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Dynamic shoot and root growth at different developmental stages of tomato (Solanum lycopersicum Mill.) under acute ozone stress

Thwe A.A., Vercambre G., Gautier H., Pagès L., Jourdan C., Gay F., Kasemsap P.. 2013. Scientia Horticulturae, 150 : p. 317-325.

Ground level ozone is increasing around the world as a result of industrialization and anthropogenic activities, and this increase has become an environmental concern in agricultural production. Tomato is one of the ozone sensitive plants. To explore how the shoots and roots respond to acute ozone exposure, tomato plants were exposed to ozone at two growth stages. The plants were grown under a white net house throughout the growth study, and transparent plastic chambers were used for ozone exposure. In Experiment I, 500 _g m?3 (250 ppb) was applied to 30-day-old plants. In Experiment II, 200, 350 and 500 _g m?3 (100, 175 and 250 ppb) were applied to 51-day-old plants. The experiments were conducted at Kasetsart University, Thailand, from August 2010 to February 2011. Leaf injuries were higher in the younger plants than in the older ones depending on leaf rank. Reduction of the internode growth rate suggested that 500 _g m?3 ozone could delay the plant's growth just after exposure. Altered partitioning of dry matter in favour of the above ground parts was observed under ozone stress. Ozone depressed the relative total root length and root number depending on concentrations and plant ages. Depressed root growth was observed in both young and old plants. Younger plants showed reduction in root growth earlier than older ones but for a shorter duration. Comparison of root length and emergence (relative to the control plants) between the two growth stages suggested that plants better compensated for a loss of resources when ozone was applied at the younger stage, and this could be linked with the absence of fruits at this time. It can be concluded that tomato plants responded to ozone differently based on the period of their lives when they experienced ozone stress and the concentrations of it. Recovery processes after ozone injury largely depend on crop developmental stages at the time of stress. (Résumé d'auteur)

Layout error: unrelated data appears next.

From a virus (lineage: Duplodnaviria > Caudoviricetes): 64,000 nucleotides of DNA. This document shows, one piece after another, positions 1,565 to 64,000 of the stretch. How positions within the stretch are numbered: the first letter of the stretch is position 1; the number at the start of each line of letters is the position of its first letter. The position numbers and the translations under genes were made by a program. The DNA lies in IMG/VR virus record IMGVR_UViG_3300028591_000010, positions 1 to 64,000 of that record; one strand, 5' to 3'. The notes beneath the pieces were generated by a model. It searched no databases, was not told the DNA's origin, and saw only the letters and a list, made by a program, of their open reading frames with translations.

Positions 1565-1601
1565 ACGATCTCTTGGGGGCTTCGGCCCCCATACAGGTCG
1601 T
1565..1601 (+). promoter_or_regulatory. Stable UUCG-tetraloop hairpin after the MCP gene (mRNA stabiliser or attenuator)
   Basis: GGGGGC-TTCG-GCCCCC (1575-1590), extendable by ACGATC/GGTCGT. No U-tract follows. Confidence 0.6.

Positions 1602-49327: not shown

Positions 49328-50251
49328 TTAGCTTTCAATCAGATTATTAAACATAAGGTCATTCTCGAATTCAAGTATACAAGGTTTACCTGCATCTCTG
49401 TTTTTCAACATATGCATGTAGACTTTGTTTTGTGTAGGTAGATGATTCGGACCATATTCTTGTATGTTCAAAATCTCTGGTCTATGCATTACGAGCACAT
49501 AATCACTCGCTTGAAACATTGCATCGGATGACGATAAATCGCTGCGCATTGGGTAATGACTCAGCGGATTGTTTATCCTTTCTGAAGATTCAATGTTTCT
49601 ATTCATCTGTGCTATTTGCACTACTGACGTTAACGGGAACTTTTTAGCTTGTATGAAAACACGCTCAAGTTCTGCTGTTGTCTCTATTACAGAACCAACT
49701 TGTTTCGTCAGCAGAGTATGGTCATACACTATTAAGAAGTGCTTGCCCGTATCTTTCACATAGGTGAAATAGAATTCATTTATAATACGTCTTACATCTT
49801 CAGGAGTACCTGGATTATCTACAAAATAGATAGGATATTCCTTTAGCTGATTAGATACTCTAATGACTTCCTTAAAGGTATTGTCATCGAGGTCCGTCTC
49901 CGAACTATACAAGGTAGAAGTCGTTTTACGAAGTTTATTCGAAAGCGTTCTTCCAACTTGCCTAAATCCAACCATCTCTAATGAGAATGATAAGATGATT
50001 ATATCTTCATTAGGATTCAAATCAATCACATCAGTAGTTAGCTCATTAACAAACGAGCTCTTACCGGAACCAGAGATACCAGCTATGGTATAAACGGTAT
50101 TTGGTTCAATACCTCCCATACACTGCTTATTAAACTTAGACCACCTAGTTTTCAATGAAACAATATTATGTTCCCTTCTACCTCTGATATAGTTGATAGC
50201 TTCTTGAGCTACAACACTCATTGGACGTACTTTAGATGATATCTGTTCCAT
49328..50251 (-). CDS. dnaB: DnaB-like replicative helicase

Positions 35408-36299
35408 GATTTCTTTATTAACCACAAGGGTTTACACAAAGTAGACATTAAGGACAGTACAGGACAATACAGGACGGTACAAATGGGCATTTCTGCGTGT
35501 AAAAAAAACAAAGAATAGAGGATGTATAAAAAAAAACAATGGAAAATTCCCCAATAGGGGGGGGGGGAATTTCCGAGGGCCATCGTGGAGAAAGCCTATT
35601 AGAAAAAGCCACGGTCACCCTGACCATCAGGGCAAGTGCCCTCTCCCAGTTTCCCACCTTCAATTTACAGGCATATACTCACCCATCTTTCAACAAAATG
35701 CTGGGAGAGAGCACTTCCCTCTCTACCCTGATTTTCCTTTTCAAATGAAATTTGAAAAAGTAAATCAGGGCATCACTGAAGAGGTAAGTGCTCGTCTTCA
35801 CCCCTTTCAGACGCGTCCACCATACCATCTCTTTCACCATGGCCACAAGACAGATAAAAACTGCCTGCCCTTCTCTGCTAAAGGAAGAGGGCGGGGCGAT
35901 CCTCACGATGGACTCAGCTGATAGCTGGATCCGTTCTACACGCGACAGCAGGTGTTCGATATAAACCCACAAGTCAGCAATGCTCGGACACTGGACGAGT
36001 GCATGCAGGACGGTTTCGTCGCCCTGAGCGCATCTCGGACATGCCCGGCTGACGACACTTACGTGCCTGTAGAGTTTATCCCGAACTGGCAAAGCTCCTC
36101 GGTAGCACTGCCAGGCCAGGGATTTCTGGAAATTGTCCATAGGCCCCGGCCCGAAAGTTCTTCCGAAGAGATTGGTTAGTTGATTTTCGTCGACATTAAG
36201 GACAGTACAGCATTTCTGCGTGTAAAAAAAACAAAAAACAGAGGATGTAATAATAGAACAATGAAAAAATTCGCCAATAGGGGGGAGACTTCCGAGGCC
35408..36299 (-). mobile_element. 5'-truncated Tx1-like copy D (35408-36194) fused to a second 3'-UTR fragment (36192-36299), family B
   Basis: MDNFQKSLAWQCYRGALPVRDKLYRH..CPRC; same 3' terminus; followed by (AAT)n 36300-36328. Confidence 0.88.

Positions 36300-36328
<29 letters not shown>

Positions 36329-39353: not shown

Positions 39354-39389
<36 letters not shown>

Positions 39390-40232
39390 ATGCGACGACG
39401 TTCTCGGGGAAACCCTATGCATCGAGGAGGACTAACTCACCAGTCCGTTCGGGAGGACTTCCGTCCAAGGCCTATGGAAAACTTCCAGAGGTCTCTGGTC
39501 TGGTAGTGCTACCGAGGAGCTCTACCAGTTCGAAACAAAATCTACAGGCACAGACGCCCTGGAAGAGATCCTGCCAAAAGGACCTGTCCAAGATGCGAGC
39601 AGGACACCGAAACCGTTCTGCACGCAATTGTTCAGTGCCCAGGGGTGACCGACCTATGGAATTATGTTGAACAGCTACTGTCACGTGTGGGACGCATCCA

Mots-clés : feuille; dégât; taux de croissance; racine; pousse; ozone; stress; solanum lycopersicum; thaïlande

Thématique : Physiologie végétale : croissance et développement; Pollution

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